House Democrats invited include Reps. Josh GottheimerJoshua (Josh) GottheimerCentrists gain foothold in infrastructure talks; cyber attacks at center of Biden-Putin meeting Omar feuds with Jewish Democrats House moderates unveil .25T infrastructure plan MORE (N.J.), Stephanie MurphyStephanie MurphyOvernight Health Care: US buying additional 200M Moderna vaccine doses | CureVac's COVID-19 vaccine failed in preliminary trial results | Grassley meets with House Dems on drug prices Grassley meets with moderate House Democrats on lowering drug prices Demings raises Democrats' hopes in uphill fight to defeat Rubio MORE (Fla.), Ro KhannaRohit (Ro) KhannaPublic option fades with little outcry from progressives Democrats shift tone on unemployment benefits Khanna outlines how progressives will push in climate infrastructure proposal MORE (Calif.), Jimmy PanettaJames Varni PanettaOvernight Defense: US nearing halfway point of Afghanistan withdrawal | Army soldiers mistakenly raid olive oil factory House Democrats introduce bill to protect transgender military dependents The case for improving America's research and experimentation tax credit MORE (Calif.), Tom Suozzi (N.Y.), Ted DeutchTheodore (Ted) Eliot DeutchWray grilled on FBI's handling of Jan. 6 Omar feuds with Jewish Democrats Shakespeare gets a congressional hearing in this year's 'Will on the Hill' MORE (Fla.), Derek KilmerDerek Christian KilmerThe tale of the last bipartisan unicorns Head of House Office of Diversity and Inclusion urges more staff diversity House lawmakers roll out bill to invest 0 million in state and local cybersecurity MORE (Wash.), John Larson John Barry LarsonThe case for improving America's research and experimentation tax credit To encourage innovation, Congress should pass two bills protecting important R&D tax provision Democrats have a growing tax problem with SALT MORE (Conn.) and Henry Cuellar (Texas).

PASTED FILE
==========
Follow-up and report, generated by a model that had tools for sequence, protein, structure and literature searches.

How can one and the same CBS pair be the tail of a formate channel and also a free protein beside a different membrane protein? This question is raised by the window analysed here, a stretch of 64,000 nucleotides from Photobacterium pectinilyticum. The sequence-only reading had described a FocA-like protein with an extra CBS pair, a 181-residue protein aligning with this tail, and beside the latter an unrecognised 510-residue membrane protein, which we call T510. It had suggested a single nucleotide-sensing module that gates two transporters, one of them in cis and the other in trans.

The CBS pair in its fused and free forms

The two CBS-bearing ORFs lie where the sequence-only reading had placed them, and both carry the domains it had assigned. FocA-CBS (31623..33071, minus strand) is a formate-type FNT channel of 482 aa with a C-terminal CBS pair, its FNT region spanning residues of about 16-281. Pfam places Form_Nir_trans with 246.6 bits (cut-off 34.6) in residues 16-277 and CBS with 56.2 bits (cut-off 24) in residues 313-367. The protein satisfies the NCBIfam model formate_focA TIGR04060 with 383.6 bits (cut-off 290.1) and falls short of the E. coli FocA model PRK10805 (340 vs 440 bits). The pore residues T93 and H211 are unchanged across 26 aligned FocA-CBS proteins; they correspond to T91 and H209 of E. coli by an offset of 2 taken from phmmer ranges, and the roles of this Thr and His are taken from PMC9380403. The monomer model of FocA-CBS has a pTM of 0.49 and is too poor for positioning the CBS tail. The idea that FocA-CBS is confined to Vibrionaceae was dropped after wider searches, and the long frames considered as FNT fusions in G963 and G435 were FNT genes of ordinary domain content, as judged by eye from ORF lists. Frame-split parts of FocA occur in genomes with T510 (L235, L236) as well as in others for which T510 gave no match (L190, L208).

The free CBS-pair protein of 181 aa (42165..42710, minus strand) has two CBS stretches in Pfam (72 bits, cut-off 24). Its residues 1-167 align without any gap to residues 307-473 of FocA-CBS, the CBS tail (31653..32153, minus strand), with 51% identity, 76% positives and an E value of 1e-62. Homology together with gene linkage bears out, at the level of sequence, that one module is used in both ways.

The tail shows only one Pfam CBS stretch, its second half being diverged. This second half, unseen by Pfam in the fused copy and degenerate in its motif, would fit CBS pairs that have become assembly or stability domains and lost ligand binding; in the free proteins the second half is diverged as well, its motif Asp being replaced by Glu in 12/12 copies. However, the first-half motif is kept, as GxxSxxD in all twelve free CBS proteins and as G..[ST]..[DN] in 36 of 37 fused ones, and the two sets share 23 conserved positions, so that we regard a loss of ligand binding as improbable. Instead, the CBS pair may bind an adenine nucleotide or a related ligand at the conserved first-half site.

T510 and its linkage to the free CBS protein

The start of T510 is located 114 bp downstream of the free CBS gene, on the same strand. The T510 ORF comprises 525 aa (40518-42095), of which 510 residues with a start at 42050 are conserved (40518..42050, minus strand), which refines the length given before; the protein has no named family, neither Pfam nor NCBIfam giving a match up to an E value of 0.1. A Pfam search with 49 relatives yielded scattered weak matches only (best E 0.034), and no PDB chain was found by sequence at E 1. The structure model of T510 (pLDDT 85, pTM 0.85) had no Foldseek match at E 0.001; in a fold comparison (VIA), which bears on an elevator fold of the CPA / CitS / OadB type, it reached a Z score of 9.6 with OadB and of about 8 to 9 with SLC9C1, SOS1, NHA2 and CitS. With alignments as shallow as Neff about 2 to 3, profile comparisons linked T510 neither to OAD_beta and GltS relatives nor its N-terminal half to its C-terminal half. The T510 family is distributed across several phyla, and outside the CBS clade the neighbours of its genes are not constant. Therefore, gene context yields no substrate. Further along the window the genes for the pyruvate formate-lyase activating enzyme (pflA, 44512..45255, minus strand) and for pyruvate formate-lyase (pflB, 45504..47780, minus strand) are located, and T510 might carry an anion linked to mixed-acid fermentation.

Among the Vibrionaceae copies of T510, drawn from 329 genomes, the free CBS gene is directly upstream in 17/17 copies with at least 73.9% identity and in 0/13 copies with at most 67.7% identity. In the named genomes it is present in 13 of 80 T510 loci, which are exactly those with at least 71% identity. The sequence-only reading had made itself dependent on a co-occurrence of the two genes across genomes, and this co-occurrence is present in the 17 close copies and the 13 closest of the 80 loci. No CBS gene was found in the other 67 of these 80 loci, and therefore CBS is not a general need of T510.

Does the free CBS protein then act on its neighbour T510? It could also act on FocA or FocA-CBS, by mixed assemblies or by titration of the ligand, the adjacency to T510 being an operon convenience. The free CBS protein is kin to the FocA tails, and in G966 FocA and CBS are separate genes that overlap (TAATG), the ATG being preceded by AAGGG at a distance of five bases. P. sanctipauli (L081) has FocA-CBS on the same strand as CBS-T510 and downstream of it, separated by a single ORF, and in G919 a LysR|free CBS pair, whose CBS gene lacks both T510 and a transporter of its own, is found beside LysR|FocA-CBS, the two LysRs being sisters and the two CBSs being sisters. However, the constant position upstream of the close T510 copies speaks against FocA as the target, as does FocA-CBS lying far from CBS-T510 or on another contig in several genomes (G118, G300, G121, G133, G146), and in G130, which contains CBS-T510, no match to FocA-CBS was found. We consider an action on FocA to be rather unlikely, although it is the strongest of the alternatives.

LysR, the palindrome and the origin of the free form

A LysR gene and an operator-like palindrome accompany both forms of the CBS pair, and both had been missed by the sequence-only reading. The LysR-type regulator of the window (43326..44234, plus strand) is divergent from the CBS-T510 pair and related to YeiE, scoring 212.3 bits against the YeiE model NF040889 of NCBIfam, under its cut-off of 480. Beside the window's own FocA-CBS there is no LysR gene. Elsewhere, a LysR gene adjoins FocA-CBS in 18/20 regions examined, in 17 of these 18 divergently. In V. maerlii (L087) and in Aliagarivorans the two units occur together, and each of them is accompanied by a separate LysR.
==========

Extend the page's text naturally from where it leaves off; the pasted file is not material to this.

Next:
House Republicans who were involved include Minority Leader Kevin McCarthyKevin McCarthyHillicon Valley: Cyber agency says SolarWinds hack could have been deterred | Civil rights groups urge lawmakers to crack down on Amazon's 'dangerous' worker surveillance | Manchin-led committee puts forth sprawling energy infrastructure proposal Chuck Todd reluctant to 'ban' election deniers from 'Meet the Press' GOP divided over bills targeting tech giants MORE (Calif.), Minority Whip Steve ScaliseStephen (Steve) Joseph ScaliseHillicon Valley: Senate unanimously confirms Chris Inglis as first White House cyber czar | Scrutiny mounts on Microsoft's surveillance technology | Senators unveil bill to crack down on cyber criminals Five takeaways on the Supreme Court's Obamacare decision FCC votes to advance proposed ban on Chinese telecom equipment MORE (La.), GOP Conference Chairwoman Liz CheneyElizabeth (Liz) Lynn CheneyLiz Cheney hired security after death threats: report Cheney: 'It is disgusting and despicable' to see Gosar 'lie' about Jan. 6 GOP's Stefanik defends Trump DOJ secret subpoenas MORE (Wyo.) and Reps. Greg WaldenGregory (Greg) Paul WaldenEx-Rep. John Shimkus joins lobbying firm Lobbying world Give Republicans the climate credit they deserve MORE (Ore.), Patrick McHenryPatrick Timothy McHenryHouse fails to pass bill to promote credit fairness for LGTBQ-owned businesses McCarthy unveils House GOP task forces, chairs On The Money: House panel spars over GameStop, Robinhood | Manchin meets with advocates for wage | Yellen says go big, GOP says hold off MORE (N.C.), Jim JordanJames (Jim) Daniel JordanHillicon Valley: Cyber agency says SolarWinds hack could have been deterred | Civil rights groups urge lawmakers to crack down on Amazon's 'dangerous' worker surveillance | Manchin-led committee puts forth sprawling energy infrastructure proposal White House slaps down Jim Jordan attack on gas prices GOP divided over bills targeting tech giants MORE (Ohio), Lee ZeldinLee ZeldinAndrew Giuliani to run for New York governor The US has a significant flooding problem — Congress can help GOP lawmakers ask acting inspector general to investigate John Kerry MORE (N.Y.) and Kevin BradyKevin Patrick BradyMcConnell presses for 'actual consequences' in disclosure of tax data On The Money: House Democrats line up .5T in spending without budget | GOP takes aim at IRS | House Democrat mulls wealth tax Republicans open new line of attack on IRS MORE (Tex.).